Investors, be they high-net-worth individuals, institutional investors or other large entities, are often convinced to entrust their portfolio management to a team or individual with seemingly unique experience or expertise, and they then incur significant costs for the knowledge, analysis, and resources associated with that expertise. However, many successful portfolio managers improperly attribute their success in the long term to their ability to forecast which security, sector or asset class will outperform, when the successes may be explained by their risk structuring and risk management processes.

Understanding why some processes lead to outperformance allows investors to design portfolios whose excess performance will be statistically reliable. "Successful Investing is a Process" is all about investment processes and transparency of investment processes. It is about learning from more than half a century of theoretical and empirical literature and about learning from our experiences as practitioners.

Rational Investing - The Subtleties of Asset Management 

with Hugues Langlois (Columbia University Press)

Many investors believe that success in investing is either luck or clairvoyance. In Rational Investing, finance professor Hugues Langlois and asset manager Jacques Lussier present the current state of asset management and clarify the conundrum of luck versus skill. The core of Rational Investing is a framework for smart investing built around three performance drivers: balancing exposure to risk factors, efficiently diversifying bad luck, and taking advantage of relative mispricing in financial markets. 

With clear examples from model multi-asset-class portfolios, Rational Investing shows how to implement performance drivers like institutional investors with access to extensive resources, as well as nonprofessional investors who are constrained to small-scale transactions. There are few investment products, whether traditional or alternative, discretionary or systematic, fundamental or quantitative, whose performance cannot be analyzed through this framework. Rational Investing illuminates the structure of financial markets and the mechanics of sustainable investing so any investor can become a rational player, from the nonprofessional investor with a basic knowledge of statistics all the way to seasoned investment professionals wishing to challenge their understanding of the asset management industry.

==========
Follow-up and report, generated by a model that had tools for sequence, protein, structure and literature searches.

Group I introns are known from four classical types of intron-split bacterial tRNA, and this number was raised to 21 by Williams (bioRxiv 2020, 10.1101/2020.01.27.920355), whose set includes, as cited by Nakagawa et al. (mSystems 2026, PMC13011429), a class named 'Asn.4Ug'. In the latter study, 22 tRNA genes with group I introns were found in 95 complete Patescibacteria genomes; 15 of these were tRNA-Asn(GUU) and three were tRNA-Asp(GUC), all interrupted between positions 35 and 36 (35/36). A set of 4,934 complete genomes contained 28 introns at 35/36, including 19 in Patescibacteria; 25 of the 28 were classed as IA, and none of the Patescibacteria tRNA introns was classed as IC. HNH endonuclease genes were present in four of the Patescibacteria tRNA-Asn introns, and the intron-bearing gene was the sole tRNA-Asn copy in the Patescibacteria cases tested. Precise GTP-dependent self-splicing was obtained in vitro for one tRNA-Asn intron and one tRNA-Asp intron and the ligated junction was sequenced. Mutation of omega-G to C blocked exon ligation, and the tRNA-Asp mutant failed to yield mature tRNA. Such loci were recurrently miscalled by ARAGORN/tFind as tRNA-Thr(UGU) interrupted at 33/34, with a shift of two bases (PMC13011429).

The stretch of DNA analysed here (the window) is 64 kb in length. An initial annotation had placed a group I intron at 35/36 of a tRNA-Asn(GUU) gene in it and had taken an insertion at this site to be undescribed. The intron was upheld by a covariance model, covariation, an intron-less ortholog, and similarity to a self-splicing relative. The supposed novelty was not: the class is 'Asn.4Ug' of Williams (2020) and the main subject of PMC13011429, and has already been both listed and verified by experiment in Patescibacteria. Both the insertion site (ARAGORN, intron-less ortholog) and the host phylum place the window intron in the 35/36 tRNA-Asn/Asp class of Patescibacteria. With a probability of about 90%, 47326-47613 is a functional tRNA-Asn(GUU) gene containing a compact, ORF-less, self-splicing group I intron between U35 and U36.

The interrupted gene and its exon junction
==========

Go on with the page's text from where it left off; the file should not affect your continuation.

Portfolio Structuring and the Value of Forecasting

with Andrew Ang, Mark Carhart, Craig Bodenstab, Phil E. Tetlock, Warren Hatch and David Rapach (CFA Institute Research Foundation) 

There are two competing approaches to asset management: 
 

  • The traditional approach relies on explicit forecasts of security  or industry-specific expected returns made by asset managers;

  • The factor investing approach relies on common factors in security returns, determining which factors represent compensated risks, and then extracting returns from a larger and more balanced set of compensated risks.